A reflection on things not going to plan — because things are not going to plan.

The car is not actually my car. Let me clarify that first. The car in question, a 2006 Honda Odyssey minivan, belongs to my parents. But I drive it and pay for gas and for insurance.

It’s a pretty old car, as you can put together from its date of manufacture. A 14-year-old car! I’m only eight years older than it. It’s older than my youngest sister. Wow, I hadn’t really put that one together until now. Suffice to say it’s been chugging along until now, with intermittent problems along the way.

This is just another of those intermittent problems. The other day, the check battery light came on. A quick Google search informed me that the likely source of the issue was the alternator, which meant that the battery wasn’t charging properly, which meant that the car was running on whatever juice was left in the battery and that alone. So, replacing an alternator should be a pretty simple task, except that the alternator in 2005-2010 Honda Odysseys happens to be buried beneath a whole bunch of crap. My dad and I decided that we’d send the car to the mechanic to get the alternator fixed and get new tires, which will be very welcome.

In the meantime, there’s a lot of walking on my horizon… which is good exercise.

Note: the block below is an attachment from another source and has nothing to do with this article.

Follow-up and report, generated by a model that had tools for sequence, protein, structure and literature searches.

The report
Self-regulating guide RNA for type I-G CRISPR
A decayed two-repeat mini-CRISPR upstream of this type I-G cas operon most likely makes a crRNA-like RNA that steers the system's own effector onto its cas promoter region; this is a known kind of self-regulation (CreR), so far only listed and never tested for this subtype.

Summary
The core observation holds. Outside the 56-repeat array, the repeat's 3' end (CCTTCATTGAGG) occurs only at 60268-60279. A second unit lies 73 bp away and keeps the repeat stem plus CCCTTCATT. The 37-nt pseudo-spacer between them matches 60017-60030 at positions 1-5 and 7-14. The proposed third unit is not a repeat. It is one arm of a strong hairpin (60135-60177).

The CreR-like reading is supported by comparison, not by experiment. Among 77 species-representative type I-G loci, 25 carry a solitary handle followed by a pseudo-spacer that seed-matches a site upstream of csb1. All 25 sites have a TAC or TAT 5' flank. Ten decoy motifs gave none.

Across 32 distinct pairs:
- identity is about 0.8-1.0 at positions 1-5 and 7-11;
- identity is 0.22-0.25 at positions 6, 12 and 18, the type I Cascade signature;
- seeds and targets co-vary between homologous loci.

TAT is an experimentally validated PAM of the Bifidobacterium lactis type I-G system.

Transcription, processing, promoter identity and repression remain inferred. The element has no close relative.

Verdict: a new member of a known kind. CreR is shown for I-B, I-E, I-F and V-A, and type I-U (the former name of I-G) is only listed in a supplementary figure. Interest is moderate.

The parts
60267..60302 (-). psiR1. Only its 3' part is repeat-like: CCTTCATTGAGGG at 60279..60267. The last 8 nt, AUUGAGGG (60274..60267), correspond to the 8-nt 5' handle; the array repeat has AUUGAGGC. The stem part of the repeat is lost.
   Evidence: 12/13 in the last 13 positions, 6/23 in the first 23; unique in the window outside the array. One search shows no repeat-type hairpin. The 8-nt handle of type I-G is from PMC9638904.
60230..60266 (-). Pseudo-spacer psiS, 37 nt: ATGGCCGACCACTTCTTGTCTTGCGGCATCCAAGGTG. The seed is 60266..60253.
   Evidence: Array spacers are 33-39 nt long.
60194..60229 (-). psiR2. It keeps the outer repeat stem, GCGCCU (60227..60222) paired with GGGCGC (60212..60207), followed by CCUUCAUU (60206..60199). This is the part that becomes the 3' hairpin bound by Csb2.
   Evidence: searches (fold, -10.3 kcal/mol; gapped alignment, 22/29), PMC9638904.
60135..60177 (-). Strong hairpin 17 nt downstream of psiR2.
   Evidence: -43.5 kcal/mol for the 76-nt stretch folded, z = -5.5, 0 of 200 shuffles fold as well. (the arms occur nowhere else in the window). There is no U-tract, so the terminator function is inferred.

But things are a little stressful right now, because it seems like nothing is going to plan. My work situation feels a little iffy with COVID-19 hanging over all our heads. That’s part of the reason why Dylan and I have paused our apartment search for now. This past week, since I don’t know how much longer I’m going to be able to keep lifeguarding at the pool where I work, I’ve started doing some copy writing work. (If you want to read about my copy writing adventure, check out this post!) I’m also going to be starting up some transcription work.

All in all, the situation leaves me with comparatively less time to do the things I really want to do. But I’m working through it! I should’ve been bringing you a post about self care today, but it’ll come later in the week instead. I wanted to take this moment as a reminder that it’s okay when things don’t go to plan. It’s okay when things are up in the air — as long as you keep pushing through.

For now, I’m still looking up, hoping the skies will clear in a day or two. I’ll keep you updated on the car situation, and we’ll have that self care chat. And at some point we’ll talk about the lovely work-in-progress I’m about to hop off to work on. I have a lot on my plate, but it doesn’t feel like cause to panic. Even with things not going to plan. 😊 Who could’ve planned for the events of 2020, anyway?

Let me know what unexpected adventures (or misadventures) you’ve been on lately! And try this creepy article from Modern Love in the New York Times for more tales of things not going exactly to plan. Until next time, be well!

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